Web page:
Each day, approximately 500 people are arrested for DUI in California. Arrest is most likely to occur after pulling into a DUI checkpoint, violating some rule of the road, pursuant to informant's report -- or after being involved in an accident (regardless of fault).
A felony charge may result if arrested for accident related DUI and someone other than the driver was injured.
It is NOT against the law to drink and then drive. However, it is illegal to drive while impaired, OR with your blood alcohol percentage above a certain limit. The prosecution has the BURDEN of PROVING you were "impaired" (as defined by law), or that your blood alcohol level was in excess of the legal limit, AT THE TIME OF DRIVING.
RISING BLOOD ALCOHOL: After consumtion, your blood alcohol level begins to rise as your body absorbs the alcohol. Lets say you had a shot of whiskey at 12:00 a.m., got pulled over at 12:05 a.m., and took a test at 1:00 a.m. Under these facts, your blood alcohol level at the time of testing should be significantly higher than it was at the time you were driving. Since your blood alcohol level can rise .02% to .03% per drink, this could constitute a defense to Driving Under the Influence Alcohol.
Note that a DUI arrest causes two separate and distinct actions - one by the court and one by the DMV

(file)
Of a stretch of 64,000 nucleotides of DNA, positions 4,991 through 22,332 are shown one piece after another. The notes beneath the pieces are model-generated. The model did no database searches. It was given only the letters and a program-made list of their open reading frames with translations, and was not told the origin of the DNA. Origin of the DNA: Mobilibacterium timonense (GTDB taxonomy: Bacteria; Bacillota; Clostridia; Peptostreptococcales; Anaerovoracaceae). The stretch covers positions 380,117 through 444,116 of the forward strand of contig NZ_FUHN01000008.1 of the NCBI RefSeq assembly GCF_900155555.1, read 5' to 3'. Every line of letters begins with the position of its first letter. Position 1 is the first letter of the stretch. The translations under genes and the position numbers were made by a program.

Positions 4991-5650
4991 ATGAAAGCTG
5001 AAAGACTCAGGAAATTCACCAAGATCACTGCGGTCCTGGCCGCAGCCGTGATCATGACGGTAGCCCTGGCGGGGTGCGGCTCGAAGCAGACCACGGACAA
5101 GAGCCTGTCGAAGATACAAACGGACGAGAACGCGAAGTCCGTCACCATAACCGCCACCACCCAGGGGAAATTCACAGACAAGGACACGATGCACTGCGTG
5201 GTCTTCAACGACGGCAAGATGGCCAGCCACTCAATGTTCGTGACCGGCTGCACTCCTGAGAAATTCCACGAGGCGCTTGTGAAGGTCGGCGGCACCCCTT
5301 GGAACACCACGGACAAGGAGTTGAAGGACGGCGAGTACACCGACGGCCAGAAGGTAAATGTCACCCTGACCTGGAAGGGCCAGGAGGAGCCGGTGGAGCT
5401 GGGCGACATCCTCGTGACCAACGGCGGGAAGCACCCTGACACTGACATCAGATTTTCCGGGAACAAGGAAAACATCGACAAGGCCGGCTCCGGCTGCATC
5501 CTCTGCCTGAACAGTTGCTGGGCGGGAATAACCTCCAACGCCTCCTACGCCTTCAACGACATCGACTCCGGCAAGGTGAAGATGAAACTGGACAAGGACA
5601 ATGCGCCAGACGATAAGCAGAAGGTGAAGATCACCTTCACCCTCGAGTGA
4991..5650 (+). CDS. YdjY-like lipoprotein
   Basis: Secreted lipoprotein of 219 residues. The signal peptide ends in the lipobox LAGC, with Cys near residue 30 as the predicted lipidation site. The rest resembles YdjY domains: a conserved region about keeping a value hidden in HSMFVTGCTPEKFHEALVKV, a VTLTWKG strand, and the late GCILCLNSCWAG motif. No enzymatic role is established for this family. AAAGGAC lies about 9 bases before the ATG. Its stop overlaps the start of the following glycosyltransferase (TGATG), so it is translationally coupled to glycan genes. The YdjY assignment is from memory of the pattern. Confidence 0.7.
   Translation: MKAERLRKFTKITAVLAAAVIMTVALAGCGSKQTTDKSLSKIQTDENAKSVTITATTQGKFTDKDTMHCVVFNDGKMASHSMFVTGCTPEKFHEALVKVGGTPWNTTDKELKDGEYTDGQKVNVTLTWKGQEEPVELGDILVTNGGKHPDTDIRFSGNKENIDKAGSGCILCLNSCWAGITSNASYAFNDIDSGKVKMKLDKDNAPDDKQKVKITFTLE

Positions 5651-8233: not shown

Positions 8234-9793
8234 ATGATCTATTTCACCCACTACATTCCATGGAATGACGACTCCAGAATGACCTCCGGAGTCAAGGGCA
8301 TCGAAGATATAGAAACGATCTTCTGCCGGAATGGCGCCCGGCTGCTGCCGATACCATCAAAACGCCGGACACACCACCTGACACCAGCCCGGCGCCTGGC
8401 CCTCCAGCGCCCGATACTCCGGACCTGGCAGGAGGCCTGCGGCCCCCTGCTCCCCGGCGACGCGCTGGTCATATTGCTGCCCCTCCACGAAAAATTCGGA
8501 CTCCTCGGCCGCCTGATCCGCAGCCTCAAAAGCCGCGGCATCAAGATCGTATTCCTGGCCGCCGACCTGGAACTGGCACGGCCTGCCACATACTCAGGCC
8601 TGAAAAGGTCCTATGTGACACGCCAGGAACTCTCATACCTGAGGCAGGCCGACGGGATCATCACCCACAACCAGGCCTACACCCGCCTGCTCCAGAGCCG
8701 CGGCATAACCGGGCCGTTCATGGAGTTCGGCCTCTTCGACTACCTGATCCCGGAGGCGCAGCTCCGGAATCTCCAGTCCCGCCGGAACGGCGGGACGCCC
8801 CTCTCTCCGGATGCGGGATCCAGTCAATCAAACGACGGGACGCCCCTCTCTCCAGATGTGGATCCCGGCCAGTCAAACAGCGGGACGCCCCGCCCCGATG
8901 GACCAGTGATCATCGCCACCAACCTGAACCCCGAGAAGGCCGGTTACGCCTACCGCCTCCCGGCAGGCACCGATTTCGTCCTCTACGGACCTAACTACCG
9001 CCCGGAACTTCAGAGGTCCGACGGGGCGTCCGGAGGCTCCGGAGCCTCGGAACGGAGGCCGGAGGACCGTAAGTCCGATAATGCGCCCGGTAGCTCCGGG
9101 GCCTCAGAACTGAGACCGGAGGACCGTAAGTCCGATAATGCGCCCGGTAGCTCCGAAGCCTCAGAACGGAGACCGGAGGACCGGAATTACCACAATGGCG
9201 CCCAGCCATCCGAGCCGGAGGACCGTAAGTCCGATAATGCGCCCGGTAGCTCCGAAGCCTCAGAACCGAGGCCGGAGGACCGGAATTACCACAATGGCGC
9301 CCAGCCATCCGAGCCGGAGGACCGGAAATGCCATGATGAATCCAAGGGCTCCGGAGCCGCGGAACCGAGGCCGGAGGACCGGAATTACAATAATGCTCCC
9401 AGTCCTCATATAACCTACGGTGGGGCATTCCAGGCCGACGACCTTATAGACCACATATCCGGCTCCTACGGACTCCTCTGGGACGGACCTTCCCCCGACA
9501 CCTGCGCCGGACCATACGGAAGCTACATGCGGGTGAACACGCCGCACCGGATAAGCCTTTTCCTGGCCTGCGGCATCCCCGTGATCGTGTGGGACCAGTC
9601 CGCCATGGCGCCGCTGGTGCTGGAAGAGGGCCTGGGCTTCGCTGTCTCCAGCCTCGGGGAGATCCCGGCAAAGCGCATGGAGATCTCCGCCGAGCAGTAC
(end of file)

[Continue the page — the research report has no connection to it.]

First offense DUI
The Maximum penalty for a FIRST offense DUI is a $1,000 fine, plus mandatory penalty assessments, 6-months in jail, 6-month license suspension, and vehicle impoundment.
Minimum penalty without probation is $390 fine (maximum of $1,000) , plus mandatory penalty assessments, 96 hours jail (48 hours of which must be served continuously) and suspension of driving privilege for 6 months (pursuant to Veh. C. § 13352(a)(1). Note that no treatment program is required, but DMV will not re-instate one's driver's license without proof of completion and a 3-year SR-22 insurance filing.
Minimum Sentence with probation is $390 fine (maximum of $1,000) , plus mandatory penalty assessments, 3 to 9 month treatment program (depending on BAC level), 48 hours jail (all served continuously), 6-month license suspension, 3 to 9 month treatment program and a 3-year SR-22 filing.If only registered in your name, the vehicle driven may be impounded for not more than 30-days at your expesnse pursuant to Veh. C § 23594.
For a first offense DUI, the DMV will suspend your license for four months. However, this can be converted to a 1 month hard suspension followed by a 5 month work/school restriction upon proof of enrollment in a DUI school and proof of insurance (the "SR-22" form), etc. A second offense DUI within 10-years carries a maximum of one-year in jail and a two-year license suspension, but a restricted license "may" be available after a 90 day hard suspension.
DMV Refusal Cases
For cases involving refusal to submit to a chemical test, the suspension is 1 year; no work restriction is permitted. A 2nd refusal within 10 years carries a 2 years suspension.